Barely a week into the monsoon, Mumbai was on its knees once again on Monday, its vital systems crumbling under the impact of three days of torrential rain. This has happened year after year for over a decade, and the municipal corporation’s inability to prevent chaos every monsoon sends out one message: there is no political will to acknowledge the reality of climate change and equip the city to cope with it.
Between Monday and Tuesday morning, most parts of the Mumbai metropolitan region received around 400 mm of rain – the heaviest since the devastating deluge of July 26, 2005, which left more than 1,000 people dead.
Overnight, at least 21 people were killed in a wall collapse caused by heavy rains in the suburb of Malad, and more than 10 were injured. Two men trapped in a car in Malad subway drowned in flood waters. At least 1,000 people had to be rescued from heavy flooding in Kurla. As local trains, long-distance trains and flights were either cancelled or delayed, civic authorities declared a public holiday on Tuesday. The meteorological department has warned that there will be intense rainfall for two more days.
As the city received at least 85% of its average rainfall for June in just four days, Municipal Commissioner Praveen Pardeshi blamed “climate change and changed geographical conditions” for the water-logging at several places. While this may seem unprecedented, these bursts of extreme rainfall are no longer an anomaly, and should no longer be used as an excuse by the civic body for its lack of preparedness.
For several years, climate change researchers have predicted that extreme precipitation events – bouts of intense rainfall concentrated in a specific region over a short period of time – are set to become the new normal. These extreme weather events are linked to rising land and sea temperatures caused by global warming.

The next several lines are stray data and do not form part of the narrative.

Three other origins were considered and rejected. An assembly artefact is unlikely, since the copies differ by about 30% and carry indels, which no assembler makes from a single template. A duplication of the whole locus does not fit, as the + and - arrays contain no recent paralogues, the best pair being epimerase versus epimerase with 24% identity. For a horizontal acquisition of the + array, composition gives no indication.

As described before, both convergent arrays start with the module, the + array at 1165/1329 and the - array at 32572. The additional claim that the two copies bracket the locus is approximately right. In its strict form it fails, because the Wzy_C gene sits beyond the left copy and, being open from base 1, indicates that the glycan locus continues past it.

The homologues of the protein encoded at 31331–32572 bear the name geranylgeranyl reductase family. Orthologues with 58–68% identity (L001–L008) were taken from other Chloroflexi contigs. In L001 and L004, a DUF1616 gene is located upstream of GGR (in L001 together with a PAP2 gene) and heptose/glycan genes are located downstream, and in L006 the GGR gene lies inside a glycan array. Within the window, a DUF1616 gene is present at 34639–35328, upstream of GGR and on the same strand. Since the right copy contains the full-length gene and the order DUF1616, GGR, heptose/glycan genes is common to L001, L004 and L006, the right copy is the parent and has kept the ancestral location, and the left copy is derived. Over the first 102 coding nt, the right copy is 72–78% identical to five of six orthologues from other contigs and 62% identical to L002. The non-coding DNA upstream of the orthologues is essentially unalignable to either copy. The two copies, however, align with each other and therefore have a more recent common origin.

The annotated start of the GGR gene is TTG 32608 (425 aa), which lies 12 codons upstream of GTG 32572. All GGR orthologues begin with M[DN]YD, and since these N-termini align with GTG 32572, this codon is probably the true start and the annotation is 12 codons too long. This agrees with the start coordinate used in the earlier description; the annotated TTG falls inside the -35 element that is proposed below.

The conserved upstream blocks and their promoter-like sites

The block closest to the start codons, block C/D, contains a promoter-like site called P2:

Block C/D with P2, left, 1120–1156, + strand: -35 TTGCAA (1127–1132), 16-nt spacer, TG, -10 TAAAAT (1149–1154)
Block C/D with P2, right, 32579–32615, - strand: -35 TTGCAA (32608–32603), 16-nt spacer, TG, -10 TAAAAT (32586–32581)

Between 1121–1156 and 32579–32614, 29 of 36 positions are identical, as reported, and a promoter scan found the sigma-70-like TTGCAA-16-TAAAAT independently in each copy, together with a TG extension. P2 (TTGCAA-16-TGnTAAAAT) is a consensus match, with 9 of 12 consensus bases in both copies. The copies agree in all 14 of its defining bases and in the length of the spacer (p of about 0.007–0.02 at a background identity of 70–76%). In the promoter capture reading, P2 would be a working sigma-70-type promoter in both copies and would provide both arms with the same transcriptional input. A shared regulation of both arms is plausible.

In 2006, scientists from the Indian Institute of Tropical Meteorology in Pune found that intense rainfall had increased by 10% every decade since the 1960s. Last year, the Indian Institute of Technology, Bhubaneshwar, reaffirmed that rising surface temperatures across India will increase rainfall intensity in the country.
Mumbai has been living these extreme rain events every year since the catastrophic floods of July 2005. Since then, the city’s municipal corporation has spent more than Rs 2,500 crore to implement the Brihanmumbai Storm Water Disposal System or BRIMSTOWAD – a project to revamp Mumbai’s colonial-era drainage system. But BRIMSTOWAD remains incomplete, drains remain clogged with trash in several parts of the city, and those who suffer the most as a result are inevitably residents of slums and low-income areas.
Mumbai’s civic authorities have also consistently undermined their own flood management efforts by allowing the city’s natural drainage systems – mangroves, wetlands, salt pan lands – to be encroached upon by unchecked construction. The latest project to concretise these natural flood buffers is the Rs 10,000-crore coastal road planned along the city’s western coastline. The road will benefit just a fraction of the city’s population, but the civic body allowed construction to begin despite warnings and protests from ecologists and urban planners.
If Mumbai – and other cities across India – want to truly act in the interests of their residents, it is time for civic authorities to build infrastructure that is appropriate for the new realities of climate change.